The fuller our lives, the fuller our bins

An interview with Daniel Welch

Every day, every month, every year, we waste food.

A serious amount of food.

Current estimates by the government’s Waste and Resources Action Programme (WRAP) suggest that, on average, we throw away around a third of all the food we buy.

And we’re not alone in our profligacy: across Europe, we waste more food that the whole of sub-Saharan Africa produces.

The media would have you believe that this waste and the huge environmental problems that it creates is our fault as lazy and selfish consumers.

It’s more evidence of “Broken Britain”, they tell us.

"across Europe, we waste more food that the whole of sub-Saharan Africa produces"

Yet the reality appears to be the opposite - we waste more not by doing less but by being active and spending time with others.

Our research shows that people waste food for a whole host of reasons, but often because their usual routines are disrupted by additional or unexpected activities.

An impromptu night out with friends, a school parents’ evening or simply working late are all factors that can impact our household schedules and lead to purchased food ending up in the bin.

Indeed, occasions that in many other ways make our lives richer and fuller are often the biggest causes of waste.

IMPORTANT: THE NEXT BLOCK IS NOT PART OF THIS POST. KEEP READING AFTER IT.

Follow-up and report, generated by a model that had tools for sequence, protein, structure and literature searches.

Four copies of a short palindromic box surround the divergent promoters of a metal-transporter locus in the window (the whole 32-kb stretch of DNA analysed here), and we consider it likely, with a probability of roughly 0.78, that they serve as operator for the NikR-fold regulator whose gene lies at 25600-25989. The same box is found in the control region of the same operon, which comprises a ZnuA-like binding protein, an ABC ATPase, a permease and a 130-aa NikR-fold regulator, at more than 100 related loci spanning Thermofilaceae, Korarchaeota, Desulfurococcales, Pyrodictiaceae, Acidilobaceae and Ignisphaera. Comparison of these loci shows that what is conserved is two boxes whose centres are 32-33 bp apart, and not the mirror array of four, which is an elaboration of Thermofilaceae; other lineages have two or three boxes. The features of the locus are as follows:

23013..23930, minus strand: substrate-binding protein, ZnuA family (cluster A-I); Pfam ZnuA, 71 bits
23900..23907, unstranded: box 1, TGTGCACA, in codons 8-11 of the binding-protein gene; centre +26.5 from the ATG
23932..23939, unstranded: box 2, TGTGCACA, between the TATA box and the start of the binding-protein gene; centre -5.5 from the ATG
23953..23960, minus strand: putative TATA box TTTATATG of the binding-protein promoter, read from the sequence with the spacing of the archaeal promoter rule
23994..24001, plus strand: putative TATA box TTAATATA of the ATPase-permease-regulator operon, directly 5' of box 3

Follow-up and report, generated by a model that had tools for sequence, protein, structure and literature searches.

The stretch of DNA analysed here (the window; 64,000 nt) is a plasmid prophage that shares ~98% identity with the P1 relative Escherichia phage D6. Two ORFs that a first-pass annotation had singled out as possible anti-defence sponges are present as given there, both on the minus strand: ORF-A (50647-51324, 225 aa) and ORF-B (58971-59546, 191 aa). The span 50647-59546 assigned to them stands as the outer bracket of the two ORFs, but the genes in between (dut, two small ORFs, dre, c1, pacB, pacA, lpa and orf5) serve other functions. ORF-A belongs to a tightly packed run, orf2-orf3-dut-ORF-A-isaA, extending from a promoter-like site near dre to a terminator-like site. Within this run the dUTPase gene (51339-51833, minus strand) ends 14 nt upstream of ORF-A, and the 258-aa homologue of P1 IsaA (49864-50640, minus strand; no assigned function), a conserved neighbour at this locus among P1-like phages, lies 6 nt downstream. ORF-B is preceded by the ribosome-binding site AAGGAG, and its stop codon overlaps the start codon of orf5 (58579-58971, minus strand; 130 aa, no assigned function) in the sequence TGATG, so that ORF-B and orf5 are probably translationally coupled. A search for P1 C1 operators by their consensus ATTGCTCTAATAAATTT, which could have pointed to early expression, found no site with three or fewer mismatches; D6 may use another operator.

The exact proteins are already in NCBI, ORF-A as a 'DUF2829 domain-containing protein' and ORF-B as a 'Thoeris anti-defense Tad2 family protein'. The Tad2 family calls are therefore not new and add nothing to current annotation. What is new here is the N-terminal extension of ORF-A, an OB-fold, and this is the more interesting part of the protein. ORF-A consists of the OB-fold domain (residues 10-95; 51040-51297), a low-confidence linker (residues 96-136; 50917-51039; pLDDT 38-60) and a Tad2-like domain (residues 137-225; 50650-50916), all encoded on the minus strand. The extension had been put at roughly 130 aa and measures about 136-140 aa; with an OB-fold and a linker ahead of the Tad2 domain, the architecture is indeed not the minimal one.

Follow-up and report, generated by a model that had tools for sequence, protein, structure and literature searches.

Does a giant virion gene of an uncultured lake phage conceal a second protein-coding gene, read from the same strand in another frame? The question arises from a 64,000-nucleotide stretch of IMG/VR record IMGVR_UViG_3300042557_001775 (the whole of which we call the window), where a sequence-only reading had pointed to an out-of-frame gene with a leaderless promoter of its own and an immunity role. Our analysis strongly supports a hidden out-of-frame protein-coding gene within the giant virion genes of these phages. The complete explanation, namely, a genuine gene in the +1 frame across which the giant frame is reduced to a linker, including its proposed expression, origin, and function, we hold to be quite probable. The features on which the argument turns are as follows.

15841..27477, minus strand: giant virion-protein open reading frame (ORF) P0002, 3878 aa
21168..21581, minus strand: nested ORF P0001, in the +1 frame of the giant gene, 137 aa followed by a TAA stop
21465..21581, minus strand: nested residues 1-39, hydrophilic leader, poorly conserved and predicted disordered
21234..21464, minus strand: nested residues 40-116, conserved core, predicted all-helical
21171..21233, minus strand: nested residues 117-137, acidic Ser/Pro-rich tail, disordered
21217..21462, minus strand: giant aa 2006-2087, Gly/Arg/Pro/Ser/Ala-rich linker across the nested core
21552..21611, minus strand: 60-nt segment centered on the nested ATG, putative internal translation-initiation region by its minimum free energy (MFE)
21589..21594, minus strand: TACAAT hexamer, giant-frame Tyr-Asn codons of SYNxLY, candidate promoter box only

Take a Sunday roast with the family (a giant joint of beef with all the trimmings…) or a dinner party with friends (remember that impressive and extensive three course meal you served up with a little help from Jamie Oliver?).

It seems the more people we have round, the more food we’re likely to waste in a bid to avoid the dreaded social faux pas of a guest leaving hungry.

So what should we do? Follow fewer of Jamie’s recipes and live a hermit-like existence?

Doesn’t sound like much fun.

"we need to reconnect with the food system so we value food more"

But we’re not suggesting the answer to food waste is ready meals and eating alone. Most of the experts we’ve spoken to feel that we need to reconnect with the food system so we value food more. And food as a social focus and understanding how to cook are part of that.

Retailers are often criticised for encouraging food waste through promotions like Buy One Get One Free.

Our research suggests that’s somewhat misplaced. Unlike many other environmental issues, there is largely a consensus on food waste.

Campaign groups, third sector organisations, policy makers and retailers are telling us much the same story.

And for retailers this is a win-win situation: efficiency savings from less waste in their operations, and a chance to engage consumers on an issue where they can offer practical support.

We’re only halfway through our current research project, so we don’t have all the answers yet.

But it’s already clear that, it’s a big problem and it’s going to take both retailers and consumers to fix it.

Dr Daniel Welch is a post-doctoral Research Associate at the Sustainable Consumption Institute. One of the first cohort of PhD students at the SCI in 2008, he is now working with Dr David Evans on a project exploring the relationships between households, retailers and food waste.

Q & A

What is your specific field of research?